Thursday, August 26, 2010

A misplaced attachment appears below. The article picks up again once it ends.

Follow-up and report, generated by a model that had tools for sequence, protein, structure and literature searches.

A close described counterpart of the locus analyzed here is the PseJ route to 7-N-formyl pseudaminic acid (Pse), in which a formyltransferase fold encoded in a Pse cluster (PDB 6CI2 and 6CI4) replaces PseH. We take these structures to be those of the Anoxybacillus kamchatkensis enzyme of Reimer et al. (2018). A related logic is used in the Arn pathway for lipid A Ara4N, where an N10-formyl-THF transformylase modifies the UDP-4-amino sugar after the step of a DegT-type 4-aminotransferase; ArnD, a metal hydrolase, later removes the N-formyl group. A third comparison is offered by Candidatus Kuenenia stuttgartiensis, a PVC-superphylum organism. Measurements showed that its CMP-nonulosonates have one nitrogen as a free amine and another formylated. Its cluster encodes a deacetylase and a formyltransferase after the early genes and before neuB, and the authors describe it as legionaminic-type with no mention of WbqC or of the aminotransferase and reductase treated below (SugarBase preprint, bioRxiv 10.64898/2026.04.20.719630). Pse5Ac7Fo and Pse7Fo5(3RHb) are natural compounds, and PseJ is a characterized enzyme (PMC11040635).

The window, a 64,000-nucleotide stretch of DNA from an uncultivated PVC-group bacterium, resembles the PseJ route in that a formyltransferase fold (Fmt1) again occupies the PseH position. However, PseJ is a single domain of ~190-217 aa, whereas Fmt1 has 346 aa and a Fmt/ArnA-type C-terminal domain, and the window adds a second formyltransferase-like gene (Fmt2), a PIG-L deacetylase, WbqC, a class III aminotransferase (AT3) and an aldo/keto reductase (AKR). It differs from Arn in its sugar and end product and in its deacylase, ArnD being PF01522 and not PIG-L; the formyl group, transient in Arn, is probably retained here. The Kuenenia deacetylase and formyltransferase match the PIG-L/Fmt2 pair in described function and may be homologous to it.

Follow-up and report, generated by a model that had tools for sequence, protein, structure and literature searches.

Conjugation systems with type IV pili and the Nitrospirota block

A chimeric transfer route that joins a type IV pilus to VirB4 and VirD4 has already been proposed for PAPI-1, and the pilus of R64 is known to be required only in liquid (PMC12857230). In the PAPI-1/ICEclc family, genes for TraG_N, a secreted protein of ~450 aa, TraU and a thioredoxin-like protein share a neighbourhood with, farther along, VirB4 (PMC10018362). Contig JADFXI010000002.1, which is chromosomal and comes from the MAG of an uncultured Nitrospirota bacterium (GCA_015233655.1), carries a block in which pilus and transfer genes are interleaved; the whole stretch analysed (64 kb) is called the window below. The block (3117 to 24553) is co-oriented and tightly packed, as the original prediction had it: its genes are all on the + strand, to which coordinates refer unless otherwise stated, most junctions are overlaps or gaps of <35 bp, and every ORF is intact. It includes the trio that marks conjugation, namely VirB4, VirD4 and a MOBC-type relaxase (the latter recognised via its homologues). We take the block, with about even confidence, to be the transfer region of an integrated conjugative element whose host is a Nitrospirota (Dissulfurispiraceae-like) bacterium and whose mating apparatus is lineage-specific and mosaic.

This article discusses virtual schools in Oregon. While only 1% of students in Oregon are currently enrolled in an online public school, there has been much debate in the state over the place of these schools among the already existing brick-and-mortar public schools. The article explains that virtual schools "employ teachers who provide lessons online using electronic documents, videos, e-mail, telephones and Web cameras." This sounds like the epitome of using technology outside of the classroom, but members of the Oregon Board of Education worry that this development could be harmful to the existing schools because their funding is based on enrollment, so if too many children opt to enroll online, schools will lose funding. So, the questions they have been debating are whether or not they should cap the number of students that can choose that option, how the virtual schools should be funded, and how the virtual schools should be managed for quality. I, however, am stuck on the question of whether or not it can actually be beneficial for individual students to attend online schools. Maybe I'm just being old fashioned, but I feel like kids need daily interaction with people other than their families in order to develop socially. Even most homeschooled children interact with other kids ad adults through park district programs, church events, or academic clubs. Will that be the case with students of virtual schools? Also, there will probably come a time when those students attend a real school, even if it's not until college. And at that point, I imagine the students would be unprepared to work with others in a classroom, share a professor's attention, or use a regular textbook.